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Shalom!

©2017TereseJMBelme

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Lingering with God

 

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Do you linger with God? Are you wondering what lingering with God might even look like? I know I was yesterday morning as I was reading this article The Lingerers And The Fragranced Ones Are Catching The King’s Attention” by Dawn Hill.

The word linger means, “to stay in a place longer than necessary, typically because of a reluctance to leave; to spend a long time over something.” I am reminded of King David’s words in Psalm 27:4, One thing have I asked of the LORD, that will I seek after: that I may dwell in the house of the LORD all the days of my life, to gaze upon the beauty of the LORD and to inquire in his temple. Dawn Hill
Later in the day I was caught pleasantly by surprise as I sat down to listen to a teaching on writing by Lisa Allen over at Compel Training and the title of her teaching is “The Most Important Hour of your Day – Learning to Linger.”
Lisa has many wonderful insights but the core of her teaching for me were these points on what lingering with God might look like. As Lisa explained what her lingering with God looked like I realized that I have been lingering all along but now see it with a fresh set of eyes. I use to be a list checker and call it a day, however, that wasn’t really spending time with God it was completing a task. Since I can sometimes be tempted to go back to list checking, I like the flexibility of lingering. Lingering helps me to remember there isn’t a right way to spend time with God. He simply wants you to come and seek Him and he will show you how He wants to spend this special time with you.
  • Have a special place that you go to sit in the presence of God, making sure it is comfortable but not overly so that you are too comfy and could possibly fall asleep.
  • Have all you essentials at your finger tips.
    • Any devotions that are speaking to you at the moment.
      • for me this includes “Power of a Praying Parent” and “Praying for Your Adult Children” both by Stormie Omaritan, and “Jesus Always” by Sarah Young.
  • A book that you are reading that furthers your spiritual growth.
    • I’m currently reading “The Letters in Red A Study on the words of Jesus” by Lee Wilkerson.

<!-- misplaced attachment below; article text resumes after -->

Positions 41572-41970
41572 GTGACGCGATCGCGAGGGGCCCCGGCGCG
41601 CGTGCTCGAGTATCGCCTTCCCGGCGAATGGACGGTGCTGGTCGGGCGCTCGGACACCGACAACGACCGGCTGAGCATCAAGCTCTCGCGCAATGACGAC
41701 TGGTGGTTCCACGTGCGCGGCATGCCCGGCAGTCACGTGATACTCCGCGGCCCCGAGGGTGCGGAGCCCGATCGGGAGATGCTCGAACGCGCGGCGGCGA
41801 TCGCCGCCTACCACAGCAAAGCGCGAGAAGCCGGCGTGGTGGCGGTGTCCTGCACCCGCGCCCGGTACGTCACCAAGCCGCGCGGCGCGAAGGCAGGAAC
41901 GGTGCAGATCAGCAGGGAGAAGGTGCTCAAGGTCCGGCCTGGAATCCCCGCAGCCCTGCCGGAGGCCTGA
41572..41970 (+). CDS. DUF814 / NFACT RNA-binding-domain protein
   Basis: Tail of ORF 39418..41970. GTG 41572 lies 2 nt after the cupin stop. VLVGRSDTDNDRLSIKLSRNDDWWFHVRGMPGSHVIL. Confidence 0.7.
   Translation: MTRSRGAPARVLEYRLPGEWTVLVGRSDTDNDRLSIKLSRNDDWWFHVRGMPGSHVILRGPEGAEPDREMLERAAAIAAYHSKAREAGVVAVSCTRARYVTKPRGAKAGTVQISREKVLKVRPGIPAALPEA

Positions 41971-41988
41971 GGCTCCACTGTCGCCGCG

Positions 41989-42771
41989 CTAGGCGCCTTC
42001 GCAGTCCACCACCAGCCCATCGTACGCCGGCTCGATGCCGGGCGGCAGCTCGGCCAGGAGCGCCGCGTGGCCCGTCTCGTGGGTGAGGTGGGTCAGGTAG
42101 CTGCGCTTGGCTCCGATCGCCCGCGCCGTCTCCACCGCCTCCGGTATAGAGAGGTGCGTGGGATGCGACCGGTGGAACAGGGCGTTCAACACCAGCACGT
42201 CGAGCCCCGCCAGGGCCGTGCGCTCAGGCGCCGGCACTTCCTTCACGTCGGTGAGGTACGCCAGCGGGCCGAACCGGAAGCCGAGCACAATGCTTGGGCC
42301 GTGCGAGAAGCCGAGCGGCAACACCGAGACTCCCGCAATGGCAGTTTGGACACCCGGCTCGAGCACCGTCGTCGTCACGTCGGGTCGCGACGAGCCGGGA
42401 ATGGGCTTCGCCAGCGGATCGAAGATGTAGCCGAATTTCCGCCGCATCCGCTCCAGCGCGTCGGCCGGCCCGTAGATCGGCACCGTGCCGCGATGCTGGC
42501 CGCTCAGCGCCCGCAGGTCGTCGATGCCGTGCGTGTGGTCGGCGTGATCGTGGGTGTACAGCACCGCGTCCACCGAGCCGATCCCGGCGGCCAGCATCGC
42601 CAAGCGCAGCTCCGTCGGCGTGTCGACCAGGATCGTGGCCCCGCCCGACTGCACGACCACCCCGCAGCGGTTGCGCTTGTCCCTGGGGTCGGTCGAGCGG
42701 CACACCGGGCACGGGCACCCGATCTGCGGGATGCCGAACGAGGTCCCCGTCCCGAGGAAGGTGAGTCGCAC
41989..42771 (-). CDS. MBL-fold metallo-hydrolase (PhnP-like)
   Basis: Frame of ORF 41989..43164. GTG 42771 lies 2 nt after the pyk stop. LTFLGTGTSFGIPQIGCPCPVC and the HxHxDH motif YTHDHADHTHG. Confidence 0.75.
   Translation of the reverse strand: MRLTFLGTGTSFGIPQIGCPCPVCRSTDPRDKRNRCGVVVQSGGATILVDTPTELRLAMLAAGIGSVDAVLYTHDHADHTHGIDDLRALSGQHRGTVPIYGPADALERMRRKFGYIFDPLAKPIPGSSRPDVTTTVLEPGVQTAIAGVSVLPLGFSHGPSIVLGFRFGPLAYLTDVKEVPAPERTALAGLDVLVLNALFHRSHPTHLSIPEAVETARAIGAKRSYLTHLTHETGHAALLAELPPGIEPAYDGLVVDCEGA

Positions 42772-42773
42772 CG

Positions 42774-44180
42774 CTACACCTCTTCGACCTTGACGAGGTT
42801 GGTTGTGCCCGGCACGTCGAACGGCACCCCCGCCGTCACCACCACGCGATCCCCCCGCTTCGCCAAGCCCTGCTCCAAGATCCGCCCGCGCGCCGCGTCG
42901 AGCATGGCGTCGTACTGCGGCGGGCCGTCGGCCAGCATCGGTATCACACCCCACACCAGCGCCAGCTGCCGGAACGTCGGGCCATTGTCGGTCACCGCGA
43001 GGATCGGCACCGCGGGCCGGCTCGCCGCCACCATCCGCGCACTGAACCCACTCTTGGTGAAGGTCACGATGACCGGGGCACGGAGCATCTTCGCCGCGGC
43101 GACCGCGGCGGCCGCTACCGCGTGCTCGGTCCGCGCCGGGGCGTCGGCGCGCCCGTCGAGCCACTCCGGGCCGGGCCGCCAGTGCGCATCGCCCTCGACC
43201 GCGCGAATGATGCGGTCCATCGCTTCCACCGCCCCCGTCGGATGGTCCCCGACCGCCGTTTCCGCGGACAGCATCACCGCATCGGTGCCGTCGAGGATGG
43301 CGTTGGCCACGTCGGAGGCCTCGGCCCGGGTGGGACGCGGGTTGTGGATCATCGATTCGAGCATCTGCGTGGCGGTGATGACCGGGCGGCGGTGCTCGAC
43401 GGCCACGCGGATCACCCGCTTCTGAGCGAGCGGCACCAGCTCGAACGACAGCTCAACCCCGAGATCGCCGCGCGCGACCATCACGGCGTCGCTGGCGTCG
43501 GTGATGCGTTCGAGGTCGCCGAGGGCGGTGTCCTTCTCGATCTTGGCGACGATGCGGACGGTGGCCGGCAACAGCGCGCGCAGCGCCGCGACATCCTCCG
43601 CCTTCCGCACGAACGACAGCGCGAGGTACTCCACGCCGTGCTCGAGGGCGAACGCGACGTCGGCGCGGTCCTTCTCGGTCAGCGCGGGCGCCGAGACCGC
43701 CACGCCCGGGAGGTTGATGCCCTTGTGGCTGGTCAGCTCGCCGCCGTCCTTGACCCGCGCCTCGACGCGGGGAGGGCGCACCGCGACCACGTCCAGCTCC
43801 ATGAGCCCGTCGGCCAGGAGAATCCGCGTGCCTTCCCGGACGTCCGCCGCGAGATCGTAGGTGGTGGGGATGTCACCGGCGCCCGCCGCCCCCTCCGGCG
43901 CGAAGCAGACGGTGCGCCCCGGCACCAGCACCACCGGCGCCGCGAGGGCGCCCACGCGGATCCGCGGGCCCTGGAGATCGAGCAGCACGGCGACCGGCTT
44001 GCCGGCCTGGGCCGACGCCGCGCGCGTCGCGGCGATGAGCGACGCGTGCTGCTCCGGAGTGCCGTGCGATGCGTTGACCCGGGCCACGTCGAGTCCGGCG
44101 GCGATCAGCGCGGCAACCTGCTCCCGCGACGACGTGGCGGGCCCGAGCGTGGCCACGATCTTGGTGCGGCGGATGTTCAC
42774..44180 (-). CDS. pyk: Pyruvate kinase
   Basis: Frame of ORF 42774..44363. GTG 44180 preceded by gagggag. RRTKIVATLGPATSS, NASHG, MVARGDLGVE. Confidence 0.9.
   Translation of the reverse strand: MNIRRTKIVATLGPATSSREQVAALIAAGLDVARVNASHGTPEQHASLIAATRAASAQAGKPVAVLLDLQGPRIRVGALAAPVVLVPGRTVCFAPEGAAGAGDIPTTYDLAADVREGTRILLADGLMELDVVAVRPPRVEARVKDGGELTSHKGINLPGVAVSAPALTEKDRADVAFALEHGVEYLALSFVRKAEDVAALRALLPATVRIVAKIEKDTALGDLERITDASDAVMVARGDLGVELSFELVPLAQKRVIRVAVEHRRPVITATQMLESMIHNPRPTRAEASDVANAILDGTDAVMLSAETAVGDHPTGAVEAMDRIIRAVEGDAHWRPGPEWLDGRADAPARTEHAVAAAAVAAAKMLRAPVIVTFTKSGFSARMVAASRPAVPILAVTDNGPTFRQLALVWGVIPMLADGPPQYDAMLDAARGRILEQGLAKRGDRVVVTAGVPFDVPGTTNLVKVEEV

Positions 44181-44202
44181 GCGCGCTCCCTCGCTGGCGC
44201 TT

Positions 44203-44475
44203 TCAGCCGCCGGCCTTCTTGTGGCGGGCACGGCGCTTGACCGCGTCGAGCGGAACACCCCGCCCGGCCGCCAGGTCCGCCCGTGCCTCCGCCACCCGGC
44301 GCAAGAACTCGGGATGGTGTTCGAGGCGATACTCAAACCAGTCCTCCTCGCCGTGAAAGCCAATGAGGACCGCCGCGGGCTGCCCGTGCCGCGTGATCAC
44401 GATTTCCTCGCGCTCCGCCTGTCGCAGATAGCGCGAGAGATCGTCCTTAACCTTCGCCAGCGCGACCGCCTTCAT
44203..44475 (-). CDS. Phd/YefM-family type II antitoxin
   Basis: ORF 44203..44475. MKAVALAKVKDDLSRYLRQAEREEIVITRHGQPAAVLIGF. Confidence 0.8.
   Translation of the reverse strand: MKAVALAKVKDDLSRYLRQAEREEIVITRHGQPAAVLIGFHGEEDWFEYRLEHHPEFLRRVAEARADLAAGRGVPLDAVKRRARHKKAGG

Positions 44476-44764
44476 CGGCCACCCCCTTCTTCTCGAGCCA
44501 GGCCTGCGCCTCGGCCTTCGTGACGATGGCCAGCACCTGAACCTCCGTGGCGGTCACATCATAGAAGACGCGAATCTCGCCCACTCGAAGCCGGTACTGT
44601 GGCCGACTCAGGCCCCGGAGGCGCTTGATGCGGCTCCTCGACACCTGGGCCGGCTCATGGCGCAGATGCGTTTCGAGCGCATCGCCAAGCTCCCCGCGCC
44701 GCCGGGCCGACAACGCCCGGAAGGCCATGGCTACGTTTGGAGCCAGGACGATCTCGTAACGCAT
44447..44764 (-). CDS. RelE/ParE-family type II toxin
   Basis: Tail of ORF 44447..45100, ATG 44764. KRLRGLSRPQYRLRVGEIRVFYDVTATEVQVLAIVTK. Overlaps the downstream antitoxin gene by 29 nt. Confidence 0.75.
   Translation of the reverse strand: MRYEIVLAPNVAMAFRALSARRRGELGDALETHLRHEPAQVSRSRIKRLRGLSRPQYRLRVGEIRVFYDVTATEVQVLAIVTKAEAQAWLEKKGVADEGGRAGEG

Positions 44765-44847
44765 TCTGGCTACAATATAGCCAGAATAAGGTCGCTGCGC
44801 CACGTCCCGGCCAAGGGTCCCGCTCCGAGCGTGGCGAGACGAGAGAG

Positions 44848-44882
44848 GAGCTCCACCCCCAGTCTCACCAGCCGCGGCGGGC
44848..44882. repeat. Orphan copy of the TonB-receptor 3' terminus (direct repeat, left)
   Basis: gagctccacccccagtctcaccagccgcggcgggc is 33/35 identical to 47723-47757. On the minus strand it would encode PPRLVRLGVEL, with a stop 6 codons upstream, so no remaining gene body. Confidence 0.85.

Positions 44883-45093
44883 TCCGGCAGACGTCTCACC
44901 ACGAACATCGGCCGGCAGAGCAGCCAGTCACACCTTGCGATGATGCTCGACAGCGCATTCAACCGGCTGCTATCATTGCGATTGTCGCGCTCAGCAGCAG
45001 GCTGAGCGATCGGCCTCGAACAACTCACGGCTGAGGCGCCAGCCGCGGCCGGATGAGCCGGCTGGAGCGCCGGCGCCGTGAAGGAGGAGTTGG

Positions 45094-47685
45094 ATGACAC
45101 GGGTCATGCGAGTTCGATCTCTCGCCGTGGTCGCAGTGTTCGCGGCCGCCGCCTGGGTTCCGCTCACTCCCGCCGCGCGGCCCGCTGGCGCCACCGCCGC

• Bible study material perhaps something you are studying on your own or with a small group/life group.
    • I’m working on “Nehemiah a heart that can break” by Kelly Minter. Great study by the way!
  • 3×5 cards. I like to buy the pack with all the different colors. As I’m reading Scripture and a verse(s) stand out at me I write them down as prayers over my family.
  • A journal to record what you feel Holy Spirit speaking to your heart.
  • A Bible or two and different translations.
    • My go to favorite is my NIV study Bible prior to 1984.
    • The Message, although this is not an official translation, I really like to easy to understand thoughts of The Message.
  • Worship Music.
  • Sermon or training podcasts. This is ought to be used with great care, only because we can become distracted by this tool and the result is it takes away from our lingering with God rather than contributing to our growth.

I hope this has encouraged you! Please leave some ways that you linger with God in the comments.

Shalom!

 

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Compel Training 101 Session 2

Empty cookbookI have to admit that while I have had the desire to write for many years I have no formal writing experience and I’ve never taken any creative writing courses. What I do have is a passion to learn and a desire to string wonderful words together into beautiful images that you my readers can see in your mind and feel as if you are right there in the moment.

Recently I joined Compel Training  and am learning so much about the craft of writing. I hope to post a tidbit of valuable information from each teaching I view.

The most recent teaching I watched was how one author does some pre-work before she begins writing by asking herself these questions:

  • Who am I writing to?
    • While we may want to reach a wide and varied audience, who is that one person you really want to reach? This helps to keep us focused on our topic.
  • Is there a specific situation, problem or idea I want to address?
    • Choose one topic and stick to that.
  • What is the practical application?
    • How can my readers apply what I have to say to their life?

After the pre-work move to the crucial first sentence which should be a sentence that draws your readers in and causes them to want to read your words. The following are some crucial first sentence guidelines.

  • Is my first sentence on point?
  • Don’t get off topic.
  • Don’t make it all about me.
  • Don’t send your readers to a buffet line by giving  your reader too many things to think about.
  • Don’t cause your reader to lose hope.

Finally, here are some examples of crucial first sentences.

  • Admission of your own failure.
    • When I left for work this morning I forgot to turn the crockpot on. Surprise! Dinner wasn’t ready.
  • A question that draws others in.
  • A surprising statistic.
  • A counterintuitive thought.
  • An invitation to imagine.

I hope you have found these thoughts and ideas helpful!

 

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